"I'm running for nomination as the provincial candidate in Kitchener-Conestoga for the Progressive Conservatives," said Markus Hess in his usual cheery optimism.
"It is a new riding, yet I grew up there, my mother still lives there and my father and grandfather practiced as veterinarians there," said Hess. He adds, "The people I went to school with are helping me with the campaign."
"I have a committee room — at the moment it is my mother's living room," said Hess. The campaign’s website is www.markushess.ca .
"Mrs. Alide Forstmanis (Latvian Federation Vice President of Political Affairs) lives in the riding. She has been heavily involved in Progressive Conservative riding affairs and is on side. She herself is running federally, but in a neighbouring riding," comments Hess.
"I now have people trying to sell (party) memberships until April 21, 2007, which is the cut off. After that we will be trying to convince the members signed by the others to vote for me until May 12, 2007 which is the date of the nomination," explains Hess.
In September of last year Hess and the Estonian Central Council marked with ceremony the twentieth anniversary of Black Ribbon Day, a momentous remembrance of the Molotov-Ribbentrop Pact, when the USSR and Nazi Germany divided up Europe and facilitated World War II. Hess started the movement acquiring the organizational help of the National Citizens Coalition (which Prime Minister Stephen Harper headed when he took a break from elected politics). The end result of that movement was when the Baltic people strung a human chain of people holding hands from Tallinn through Riga to Vilnius. Shortly after Communism collapsed.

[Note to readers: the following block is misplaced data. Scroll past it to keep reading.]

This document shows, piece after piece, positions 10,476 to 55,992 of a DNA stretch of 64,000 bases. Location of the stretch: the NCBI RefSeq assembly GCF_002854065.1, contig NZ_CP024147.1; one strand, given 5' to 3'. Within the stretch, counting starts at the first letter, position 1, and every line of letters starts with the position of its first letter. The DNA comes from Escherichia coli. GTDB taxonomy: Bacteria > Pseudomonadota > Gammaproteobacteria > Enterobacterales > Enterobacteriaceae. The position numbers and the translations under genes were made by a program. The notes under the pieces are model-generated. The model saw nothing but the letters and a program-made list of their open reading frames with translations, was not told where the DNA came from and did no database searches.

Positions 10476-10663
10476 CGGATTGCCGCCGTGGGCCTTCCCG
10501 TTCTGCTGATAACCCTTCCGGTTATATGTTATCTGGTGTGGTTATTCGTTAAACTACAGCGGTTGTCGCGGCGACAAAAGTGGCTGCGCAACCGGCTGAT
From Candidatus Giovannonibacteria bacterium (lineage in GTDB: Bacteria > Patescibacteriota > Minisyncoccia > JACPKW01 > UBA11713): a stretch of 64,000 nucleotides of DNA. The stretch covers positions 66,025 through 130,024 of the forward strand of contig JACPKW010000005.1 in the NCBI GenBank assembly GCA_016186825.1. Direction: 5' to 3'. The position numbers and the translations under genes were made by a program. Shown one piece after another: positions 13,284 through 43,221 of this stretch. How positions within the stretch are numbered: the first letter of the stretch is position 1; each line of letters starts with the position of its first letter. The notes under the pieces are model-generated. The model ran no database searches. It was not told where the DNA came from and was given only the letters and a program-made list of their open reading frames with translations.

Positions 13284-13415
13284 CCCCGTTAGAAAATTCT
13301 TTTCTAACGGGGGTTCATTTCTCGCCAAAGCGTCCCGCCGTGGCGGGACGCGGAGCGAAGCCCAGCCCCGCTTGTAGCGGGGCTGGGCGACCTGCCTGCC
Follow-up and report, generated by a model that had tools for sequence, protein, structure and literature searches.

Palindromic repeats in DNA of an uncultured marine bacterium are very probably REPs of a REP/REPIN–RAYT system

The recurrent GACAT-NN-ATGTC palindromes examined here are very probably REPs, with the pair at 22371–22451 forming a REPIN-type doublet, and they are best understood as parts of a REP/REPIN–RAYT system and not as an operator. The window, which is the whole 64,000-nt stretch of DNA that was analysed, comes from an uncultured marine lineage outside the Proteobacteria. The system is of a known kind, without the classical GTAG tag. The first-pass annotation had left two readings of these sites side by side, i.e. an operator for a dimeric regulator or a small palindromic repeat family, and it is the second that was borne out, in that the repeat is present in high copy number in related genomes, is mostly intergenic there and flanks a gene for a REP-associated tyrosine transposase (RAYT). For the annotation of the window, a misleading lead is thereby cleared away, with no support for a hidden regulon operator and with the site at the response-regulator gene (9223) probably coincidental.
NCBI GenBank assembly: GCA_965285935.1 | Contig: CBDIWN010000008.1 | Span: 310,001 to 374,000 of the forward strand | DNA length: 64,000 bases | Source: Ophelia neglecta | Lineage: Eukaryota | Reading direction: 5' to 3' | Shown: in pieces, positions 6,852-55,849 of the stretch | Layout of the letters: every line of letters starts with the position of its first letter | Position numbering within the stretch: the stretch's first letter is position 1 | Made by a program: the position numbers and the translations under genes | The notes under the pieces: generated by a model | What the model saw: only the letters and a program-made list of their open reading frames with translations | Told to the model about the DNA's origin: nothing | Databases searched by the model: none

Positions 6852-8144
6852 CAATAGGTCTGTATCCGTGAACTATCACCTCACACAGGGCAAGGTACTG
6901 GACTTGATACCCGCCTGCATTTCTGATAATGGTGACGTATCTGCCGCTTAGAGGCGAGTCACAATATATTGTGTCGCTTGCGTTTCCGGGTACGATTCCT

During the process, when the movement was active, Hess, accompanied by others like reporter Judi McLeod (now Publisher/ Editor of Canada Free Press), travelled to the countries entrapped by the Soviet Union, organizing and training liberation movements.
Hess's Black Ribbon Day movement was also active in Toronto fighting against the left wing elements at city hall (like federal NDP leader Jack Layton) and the Toronto School Board. For instance, Hess pushed for the name change of the Peace Arches to the Freedom Arches and succeeded.
On the Canadian front Hess spearheaded the campaign to expand NATO from 19 to 26 members.
Hess has been honoured for his work by being named to the Estonian Congress and to the Order of the White Cross of Estonia. Black Ribbon Day has been honoured by being declared an official holiday in Lithuania. Hess has also been awarded the Gold Cross of Merit by Poland.
On the home front Hess is a mechanical engineer (he has several patents of environmental benefit) and is Director of Research at Icefloe Technologies Inc. Markus and his wife Eha have four children.
When Hess wins, Queen’s Park will have a person with political savvy whose determination is unstoppable in a pleasant way.
Markus Hess is back in politics